Though Rural Britain Generally Earns More, Rural Youth Earn Less

In a reverse of the U.S. pattern, Britain’s rural residents earn more on average than city dwellers. But the trend hides weaknesses in the rural economy that are especially difficult for rural young people, who have fewer work options.

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Young people who grow up in rural Britain are likely to earn less than their urban counterparts, even if they later move to the city to pursue their careers, new research says.

“In 2008/9, the net take-home pay for those [young people] living in rural areas was around £900 (about $1,300 U.S. at the time) less a year than those living in towns and cities,” the report said.

“Even when people who grew up in rural areas later began working in towns and cities, the net take-home pay for full-time workers stayed less than for those who had grown up in urban areas”

The study by Martin Culliney, Ph.D., of Sheffield University is the first to compare the earnings of British young people who remained in rural areas versus those who were born in rural areas but moved to urban communities. The study also looked at the earnings of urban young people who subsequently moved to rural areas.

Culliney tracked about 1,600 young people from 1991 to 2009. The participants were 15 to 24 years old when the study started and up to 42 years old when it ended.

Relative income levels of rural Britain are different from those of the United States. “In Britain rural districts tend to be more affluent overall,” Culliney wrote in an email to the Daily Yonder. The opposite is true in the United States. In 2012, the U.S. rural median household income of about $41,200 was 22 percent lower than the urban median household income.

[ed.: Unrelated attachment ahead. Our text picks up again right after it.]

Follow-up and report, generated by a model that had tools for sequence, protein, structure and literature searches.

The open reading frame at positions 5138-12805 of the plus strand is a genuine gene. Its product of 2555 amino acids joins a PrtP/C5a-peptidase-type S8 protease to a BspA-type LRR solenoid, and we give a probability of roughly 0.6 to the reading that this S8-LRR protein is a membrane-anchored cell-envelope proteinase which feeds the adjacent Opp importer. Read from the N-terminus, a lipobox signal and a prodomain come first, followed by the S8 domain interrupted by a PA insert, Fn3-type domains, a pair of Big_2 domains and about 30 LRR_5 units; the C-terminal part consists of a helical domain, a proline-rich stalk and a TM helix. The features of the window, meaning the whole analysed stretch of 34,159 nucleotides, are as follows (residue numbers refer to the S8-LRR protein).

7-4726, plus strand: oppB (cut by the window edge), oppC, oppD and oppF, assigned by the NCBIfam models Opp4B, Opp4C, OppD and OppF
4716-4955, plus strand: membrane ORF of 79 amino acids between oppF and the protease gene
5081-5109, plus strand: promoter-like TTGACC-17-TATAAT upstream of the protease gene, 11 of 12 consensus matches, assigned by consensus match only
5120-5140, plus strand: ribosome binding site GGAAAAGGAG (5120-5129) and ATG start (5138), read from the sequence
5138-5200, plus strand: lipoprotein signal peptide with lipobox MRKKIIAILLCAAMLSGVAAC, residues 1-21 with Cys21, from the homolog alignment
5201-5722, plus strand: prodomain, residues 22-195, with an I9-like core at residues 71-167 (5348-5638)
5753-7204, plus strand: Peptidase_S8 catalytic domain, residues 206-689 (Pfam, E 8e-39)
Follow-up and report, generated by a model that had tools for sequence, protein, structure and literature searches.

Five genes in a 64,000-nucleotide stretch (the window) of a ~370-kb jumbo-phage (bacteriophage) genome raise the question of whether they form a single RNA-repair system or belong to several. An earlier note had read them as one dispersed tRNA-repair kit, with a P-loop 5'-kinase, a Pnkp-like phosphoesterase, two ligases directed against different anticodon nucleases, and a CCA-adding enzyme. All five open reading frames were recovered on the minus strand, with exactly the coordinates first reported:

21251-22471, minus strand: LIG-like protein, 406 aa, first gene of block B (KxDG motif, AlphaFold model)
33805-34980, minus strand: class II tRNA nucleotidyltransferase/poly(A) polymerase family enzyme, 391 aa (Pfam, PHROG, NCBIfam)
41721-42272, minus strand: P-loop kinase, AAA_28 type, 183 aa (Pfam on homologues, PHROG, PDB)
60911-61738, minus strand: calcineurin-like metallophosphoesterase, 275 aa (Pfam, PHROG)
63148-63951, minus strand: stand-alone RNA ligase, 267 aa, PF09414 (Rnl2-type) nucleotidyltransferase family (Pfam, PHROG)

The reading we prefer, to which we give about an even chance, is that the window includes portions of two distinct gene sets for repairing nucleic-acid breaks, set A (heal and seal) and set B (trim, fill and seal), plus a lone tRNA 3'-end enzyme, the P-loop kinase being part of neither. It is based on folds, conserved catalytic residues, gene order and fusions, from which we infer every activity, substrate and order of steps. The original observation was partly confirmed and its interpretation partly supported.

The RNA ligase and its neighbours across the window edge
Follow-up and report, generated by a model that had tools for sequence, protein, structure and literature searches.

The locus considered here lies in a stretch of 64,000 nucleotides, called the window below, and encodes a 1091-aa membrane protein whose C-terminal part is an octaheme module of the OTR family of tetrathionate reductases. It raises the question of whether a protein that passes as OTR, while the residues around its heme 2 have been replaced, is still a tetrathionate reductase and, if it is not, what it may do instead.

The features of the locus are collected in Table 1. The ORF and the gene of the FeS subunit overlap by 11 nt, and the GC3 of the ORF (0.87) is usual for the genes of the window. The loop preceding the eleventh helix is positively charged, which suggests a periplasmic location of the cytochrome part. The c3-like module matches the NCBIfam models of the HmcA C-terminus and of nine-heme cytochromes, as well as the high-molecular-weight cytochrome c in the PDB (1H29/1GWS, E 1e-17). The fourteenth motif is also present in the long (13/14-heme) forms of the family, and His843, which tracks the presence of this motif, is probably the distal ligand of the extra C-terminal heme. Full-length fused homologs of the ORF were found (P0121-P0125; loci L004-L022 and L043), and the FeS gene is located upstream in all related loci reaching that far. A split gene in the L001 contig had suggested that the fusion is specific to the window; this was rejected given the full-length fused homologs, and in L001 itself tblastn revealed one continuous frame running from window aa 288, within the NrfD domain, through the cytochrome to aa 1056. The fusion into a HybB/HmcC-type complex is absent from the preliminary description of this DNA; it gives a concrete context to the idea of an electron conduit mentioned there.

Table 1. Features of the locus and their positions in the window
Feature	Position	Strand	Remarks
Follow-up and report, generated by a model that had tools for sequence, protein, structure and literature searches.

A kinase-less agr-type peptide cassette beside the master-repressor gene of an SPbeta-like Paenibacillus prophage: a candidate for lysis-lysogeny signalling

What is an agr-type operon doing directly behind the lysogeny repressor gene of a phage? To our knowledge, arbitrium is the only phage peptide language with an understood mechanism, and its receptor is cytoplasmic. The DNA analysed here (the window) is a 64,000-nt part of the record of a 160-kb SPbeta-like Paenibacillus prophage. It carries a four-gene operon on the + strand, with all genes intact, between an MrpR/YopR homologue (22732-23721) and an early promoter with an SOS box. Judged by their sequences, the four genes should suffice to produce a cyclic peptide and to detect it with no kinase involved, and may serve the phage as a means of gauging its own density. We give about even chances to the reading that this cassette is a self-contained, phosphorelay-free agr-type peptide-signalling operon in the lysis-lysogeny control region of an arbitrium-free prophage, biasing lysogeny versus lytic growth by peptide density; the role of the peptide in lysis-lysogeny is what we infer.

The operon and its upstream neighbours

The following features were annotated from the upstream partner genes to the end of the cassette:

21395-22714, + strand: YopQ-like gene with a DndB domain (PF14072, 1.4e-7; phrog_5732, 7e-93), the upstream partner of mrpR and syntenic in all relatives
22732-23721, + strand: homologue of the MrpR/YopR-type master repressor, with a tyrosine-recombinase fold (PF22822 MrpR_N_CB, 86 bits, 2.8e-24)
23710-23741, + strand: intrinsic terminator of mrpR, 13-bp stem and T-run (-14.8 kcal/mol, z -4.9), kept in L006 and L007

But rural Britain’s higher earnings don’t necessarily mean the rural economy is stronger. The extra income is from “money earned elsewhere” by commuters and second-home owners, who make their money elsewhere, and retirees who are living off savings and investments. Britain’s development patterns – with rural districts generally lying closer to urban areas than they do in the U.S. – make commuting and second-home ownership more common, he said.

But incomes start to fall when you look only at rural residents who also work in rural areas, the study showed. That affects rural young people disproportionately, because they are more likely to lack transportation and higher-level job skills, Culliney hypothesized. So they work local jobs that pay less and offer fewer opportunities for promotion.


The study found the following:

  • “The lowest paid group … were respondents originating in rural areas and remaining rural throughout.”
  • “Second, ‘urban-to-rural’ movers also enjoyed higher earnings than the ‘stay rural’ group, suggesting that rural residential location itself was not associated with a pay penalty.”

The study cautioned against forming simple conclusions. It said policy makers who advocate moving rural youth to cities are over-simplifying the problem.

“The relationship between location, migration, cultural capital, social capital and the labor market is not straightforward,” he wrote. Under some circumstances, rural young people might be able to find higher-paying jobs if they gain experience, training, or transportation options.

“People moving back to rural areas after spells as urban residents may enjoy returns on human capital acquired while living or working in larger [urban areas]. They may also be able to commute or work from home, escaping the [local] labor market with its predominantly low-pay, low-skill and insecure work.”


Topics: Economy

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